Monday, November 16, 2009

Israel Wants a Pain Ray, too!

The "Pain Ray," was developed by the Pentagon to provide a new form of weaponry to debilitate an enemy without causing significant bodily injury. These Active Denial Systems emit microwaves to heat the skin and cause intense pain but are "generally harmless." However, ADS has run up against approval issues from the Pentagon - despite years of human testing (how terrible would it be to be that private/"volunteer"?). Though the US military may not see these weapons in action any time soon, Israel is attempting to make headway on the use of the technology.

As opposed to the US system, which is pretty huge and takes hours to heat up in preparation for firing, Israel is championing a hand-held version which can be used like a taser (immediate use). The significant drawback to the smaller version is the radius affected: the US system covers an entire area but the Israeli version only hits a 100 feet ahead and four inches across, which only works for individual targets. Dr. Moshe Einat, the head of the Israeli research team from the University of Judea and Samaria, claims they have achieved a "unique know-how" to turn the pain ray technology into a smaller, portable version. Beyond this, it carries a meager price tag of $250,000. In the defense world, that's pennies.

Danger Room cites these Israeli developments (not by the IDF but by a university group) as a signal that other countries - Russia, China, anywhere else - could also harness and employ this technology in combat, or otherwise. This can lead to further issues of restraining the use of ADS technologies.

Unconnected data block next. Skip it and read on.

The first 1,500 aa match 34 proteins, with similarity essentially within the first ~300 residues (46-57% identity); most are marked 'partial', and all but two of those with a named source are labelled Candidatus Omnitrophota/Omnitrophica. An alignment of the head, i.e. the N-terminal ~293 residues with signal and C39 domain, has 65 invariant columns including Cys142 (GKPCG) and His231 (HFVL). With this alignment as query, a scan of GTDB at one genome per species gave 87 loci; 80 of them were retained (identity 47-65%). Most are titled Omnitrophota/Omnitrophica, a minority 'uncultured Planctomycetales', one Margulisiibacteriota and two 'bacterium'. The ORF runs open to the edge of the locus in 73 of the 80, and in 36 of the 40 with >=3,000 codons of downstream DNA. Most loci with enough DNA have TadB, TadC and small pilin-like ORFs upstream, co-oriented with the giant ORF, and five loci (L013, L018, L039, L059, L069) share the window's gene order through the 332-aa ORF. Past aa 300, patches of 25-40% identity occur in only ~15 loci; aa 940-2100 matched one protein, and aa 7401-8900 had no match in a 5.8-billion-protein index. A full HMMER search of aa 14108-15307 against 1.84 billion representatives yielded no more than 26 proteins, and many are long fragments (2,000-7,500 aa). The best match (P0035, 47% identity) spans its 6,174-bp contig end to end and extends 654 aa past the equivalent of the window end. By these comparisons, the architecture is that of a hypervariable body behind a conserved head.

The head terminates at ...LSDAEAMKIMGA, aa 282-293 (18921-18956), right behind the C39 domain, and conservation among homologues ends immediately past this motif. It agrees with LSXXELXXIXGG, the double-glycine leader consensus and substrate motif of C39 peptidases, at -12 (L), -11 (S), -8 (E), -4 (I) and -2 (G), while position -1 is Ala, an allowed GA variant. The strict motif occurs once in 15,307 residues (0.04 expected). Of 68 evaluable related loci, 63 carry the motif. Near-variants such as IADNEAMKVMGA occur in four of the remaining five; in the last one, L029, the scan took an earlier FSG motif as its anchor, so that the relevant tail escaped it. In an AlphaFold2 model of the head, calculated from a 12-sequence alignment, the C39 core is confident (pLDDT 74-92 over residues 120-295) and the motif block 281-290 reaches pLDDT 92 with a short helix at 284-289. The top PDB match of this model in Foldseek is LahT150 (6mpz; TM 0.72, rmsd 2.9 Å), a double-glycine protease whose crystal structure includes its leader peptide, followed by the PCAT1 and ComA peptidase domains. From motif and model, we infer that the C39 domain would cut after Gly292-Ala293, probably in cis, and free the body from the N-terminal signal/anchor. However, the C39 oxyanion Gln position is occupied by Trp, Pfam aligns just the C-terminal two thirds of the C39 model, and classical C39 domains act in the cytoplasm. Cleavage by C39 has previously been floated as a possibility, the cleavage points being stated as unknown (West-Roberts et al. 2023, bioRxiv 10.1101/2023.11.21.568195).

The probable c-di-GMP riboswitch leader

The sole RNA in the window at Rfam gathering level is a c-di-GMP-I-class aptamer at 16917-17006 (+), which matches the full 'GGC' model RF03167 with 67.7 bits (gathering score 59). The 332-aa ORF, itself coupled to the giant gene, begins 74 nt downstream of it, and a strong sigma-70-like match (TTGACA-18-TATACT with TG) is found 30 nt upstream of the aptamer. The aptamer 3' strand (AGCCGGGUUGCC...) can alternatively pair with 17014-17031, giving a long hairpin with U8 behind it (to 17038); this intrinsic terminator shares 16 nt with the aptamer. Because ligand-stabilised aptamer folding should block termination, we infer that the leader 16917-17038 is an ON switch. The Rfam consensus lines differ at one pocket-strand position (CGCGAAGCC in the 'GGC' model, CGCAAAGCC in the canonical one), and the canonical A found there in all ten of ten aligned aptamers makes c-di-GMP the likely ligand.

I perceive another problem with the Israelis obtaining a pain ray - use on the populations of Gaza and the West Bank. Unless Israel engages in an armed conflict anytime soon (which everyone hopes won't happen), the only feasible use would be in the Palestinian conflict. This is complicated by Israel's human rights record toward their Arab neighbors, which is not exactly untarnished.

The most useful role I foresee for ADS lies in domestic security,specifically police and paramilitary, rather than exclusively military. LAPD has already expressed serious interest in the devices. They can serve as a viable alternative to current crowd-control weaponry, such as rubber bullets and batons, which cause serious physical injury and carry a greater stigma.

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